Joe--many thanks for your detailed and laborious exposition. -- Wally
Your say that a National Dividend is your [Party] policy and that it is written into your Constitution. Yet you say that you have opposed the "universal income idea" which is "socialistic" and the presence of which in your policy has "embarrassed" you. The Social Credit National Dividend IS intended to be universal. It is the proposal for a guaranteed basic (or annual) income that is not universal and is NOT a Social Credit proposal. The National Dividend goes to all citizens as an unconditional right by inheritance. The guaranteed basic income is politically determined and goes only to those designated by political policy. Do you understand the difference? It is fundamental.
As to the Compensated Price, I think that Joe has done a competent job in clarifying what it is and how it would be implemented. It would be applied to a transaction and therefore to all items in the transaction. I don't know where you got the persistent notion that it would be calculated separately for each individual item sold. We certainly would not have any army of bureaucrats poring over prices of every individual item of consumer goods in attempt to determine its individual "Just Price." You should also be aware that the taxation system, alone, would be drastically simplified, thereby cutting an existing massive bureaucracy. I think that you should be aware that a system of price discounts was implemented quite practically and successfully even under the existing financial regime to keep down the price of foodstuffs in Australia during the last Great War. Unlike consumer bank credit issued today as debt which does not cancel production costs but passes them on as charges against future production, the consumption credits proposed by Social Credit create no new debt and become available to the producer to cancel his production costs and production loans. Which do you think is most likely to be a contributor to inflation?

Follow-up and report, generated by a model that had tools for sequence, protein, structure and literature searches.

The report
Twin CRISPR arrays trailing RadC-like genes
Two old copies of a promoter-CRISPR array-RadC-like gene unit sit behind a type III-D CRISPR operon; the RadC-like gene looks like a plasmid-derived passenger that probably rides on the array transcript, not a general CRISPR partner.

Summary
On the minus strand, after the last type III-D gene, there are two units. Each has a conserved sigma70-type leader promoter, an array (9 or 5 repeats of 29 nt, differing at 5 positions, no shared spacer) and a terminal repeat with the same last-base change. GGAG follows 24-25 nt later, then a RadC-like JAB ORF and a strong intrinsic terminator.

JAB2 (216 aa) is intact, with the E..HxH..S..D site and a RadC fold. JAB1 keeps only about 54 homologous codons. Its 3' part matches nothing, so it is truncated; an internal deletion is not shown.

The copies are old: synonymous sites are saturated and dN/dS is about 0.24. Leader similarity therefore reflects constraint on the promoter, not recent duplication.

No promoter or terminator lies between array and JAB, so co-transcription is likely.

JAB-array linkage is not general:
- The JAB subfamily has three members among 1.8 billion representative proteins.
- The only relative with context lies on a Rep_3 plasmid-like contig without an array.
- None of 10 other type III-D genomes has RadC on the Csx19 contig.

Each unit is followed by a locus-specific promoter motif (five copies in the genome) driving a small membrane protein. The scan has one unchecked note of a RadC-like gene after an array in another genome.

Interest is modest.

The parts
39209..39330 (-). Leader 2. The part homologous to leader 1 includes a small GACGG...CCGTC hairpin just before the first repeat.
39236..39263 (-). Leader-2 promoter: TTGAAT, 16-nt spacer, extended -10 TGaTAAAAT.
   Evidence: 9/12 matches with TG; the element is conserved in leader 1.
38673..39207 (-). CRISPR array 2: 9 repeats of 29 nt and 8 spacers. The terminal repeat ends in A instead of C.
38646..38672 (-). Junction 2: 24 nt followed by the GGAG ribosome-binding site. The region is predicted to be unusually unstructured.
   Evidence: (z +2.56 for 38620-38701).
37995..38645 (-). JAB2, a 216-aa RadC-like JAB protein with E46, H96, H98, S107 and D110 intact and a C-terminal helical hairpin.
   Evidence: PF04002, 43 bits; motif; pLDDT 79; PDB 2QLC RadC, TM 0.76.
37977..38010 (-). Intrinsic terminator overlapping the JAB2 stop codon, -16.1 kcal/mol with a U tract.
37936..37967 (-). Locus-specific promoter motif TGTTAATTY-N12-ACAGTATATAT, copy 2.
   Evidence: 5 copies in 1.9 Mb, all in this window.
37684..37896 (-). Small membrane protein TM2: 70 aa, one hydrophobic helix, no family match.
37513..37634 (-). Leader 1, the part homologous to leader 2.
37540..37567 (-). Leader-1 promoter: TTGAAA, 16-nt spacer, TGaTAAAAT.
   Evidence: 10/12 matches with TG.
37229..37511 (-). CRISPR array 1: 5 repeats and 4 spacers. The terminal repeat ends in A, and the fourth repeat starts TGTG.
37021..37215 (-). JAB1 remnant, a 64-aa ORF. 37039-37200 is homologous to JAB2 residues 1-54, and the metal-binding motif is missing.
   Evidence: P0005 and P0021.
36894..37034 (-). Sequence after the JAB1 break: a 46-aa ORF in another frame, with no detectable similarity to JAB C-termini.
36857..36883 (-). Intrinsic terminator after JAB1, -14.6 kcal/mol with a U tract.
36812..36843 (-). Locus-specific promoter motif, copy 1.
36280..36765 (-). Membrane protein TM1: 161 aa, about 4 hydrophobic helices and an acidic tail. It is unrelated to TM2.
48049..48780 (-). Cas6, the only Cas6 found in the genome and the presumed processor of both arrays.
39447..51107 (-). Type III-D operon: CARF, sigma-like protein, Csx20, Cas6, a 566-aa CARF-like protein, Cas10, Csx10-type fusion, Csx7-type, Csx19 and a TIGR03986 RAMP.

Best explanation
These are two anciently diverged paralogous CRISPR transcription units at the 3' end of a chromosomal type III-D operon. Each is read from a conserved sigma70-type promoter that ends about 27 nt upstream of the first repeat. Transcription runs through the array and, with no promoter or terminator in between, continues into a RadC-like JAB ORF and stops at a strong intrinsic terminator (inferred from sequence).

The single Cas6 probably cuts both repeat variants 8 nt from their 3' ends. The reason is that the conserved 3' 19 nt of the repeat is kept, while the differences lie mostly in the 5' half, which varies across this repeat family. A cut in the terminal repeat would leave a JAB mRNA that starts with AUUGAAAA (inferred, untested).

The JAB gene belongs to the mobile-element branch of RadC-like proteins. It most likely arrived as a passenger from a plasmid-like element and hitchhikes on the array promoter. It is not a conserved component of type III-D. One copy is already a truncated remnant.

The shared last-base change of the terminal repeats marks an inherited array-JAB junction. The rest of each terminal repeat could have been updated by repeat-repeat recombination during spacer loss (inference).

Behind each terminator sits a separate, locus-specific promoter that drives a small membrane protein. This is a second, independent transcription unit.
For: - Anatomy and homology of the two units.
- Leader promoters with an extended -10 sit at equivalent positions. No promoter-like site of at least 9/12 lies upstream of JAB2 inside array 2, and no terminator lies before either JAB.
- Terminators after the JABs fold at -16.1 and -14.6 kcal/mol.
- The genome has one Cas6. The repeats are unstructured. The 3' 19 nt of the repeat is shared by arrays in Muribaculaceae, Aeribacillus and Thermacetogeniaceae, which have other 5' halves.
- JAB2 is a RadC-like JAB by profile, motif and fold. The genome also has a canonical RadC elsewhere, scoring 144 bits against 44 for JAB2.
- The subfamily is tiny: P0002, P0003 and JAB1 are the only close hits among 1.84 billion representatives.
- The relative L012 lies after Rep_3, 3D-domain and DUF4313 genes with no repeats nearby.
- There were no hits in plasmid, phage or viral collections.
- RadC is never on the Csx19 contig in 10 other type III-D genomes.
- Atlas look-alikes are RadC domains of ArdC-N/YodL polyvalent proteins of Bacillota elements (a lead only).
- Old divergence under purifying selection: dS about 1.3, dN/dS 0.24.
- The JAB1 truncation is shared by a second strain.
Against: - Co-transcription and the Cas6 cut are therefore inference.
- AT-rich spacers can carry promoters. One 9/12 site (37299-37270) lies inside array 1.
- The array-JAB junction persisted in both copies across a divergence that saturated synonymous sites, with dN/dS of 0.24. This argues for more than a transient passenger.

We are, in fact, looking toward a "Just Price" for every article--for all articles. But not determined individually. We are talking about a ratio to be applied to all production which subsumes all items, obviously. In any case, you still are not willing to "risk" implementation of the Compensated Price because of the fear that it will cause massive inflation despite the restraints placed on inflation by competition, the pressure on any vender to enter the arrangement when his competitors are subscribing to the arrangement, when in appropriate circumstances 'there is a limit on profit on turnover as Joe has described, and the producer who violates his undertaking faces decertification and removal of the benefit of belonging to the program. The escalation of prices which you describe below did not occur in a Social Credit dispensation but in a Social Debt system and the two cannot be compared as equivalent in effect. Anyway, in final analysis, you apparently do not support basic Social Credit policy as stated. You are not willing to risk it and you do not propose any alternative so by inference, you must be satisfied with the existing system. This seems to raise some rather obvious questions, does it not?
Dutifully but wearyingly patient
On 6-Jan-09, at 1:34 PM, John G Rawson wrote: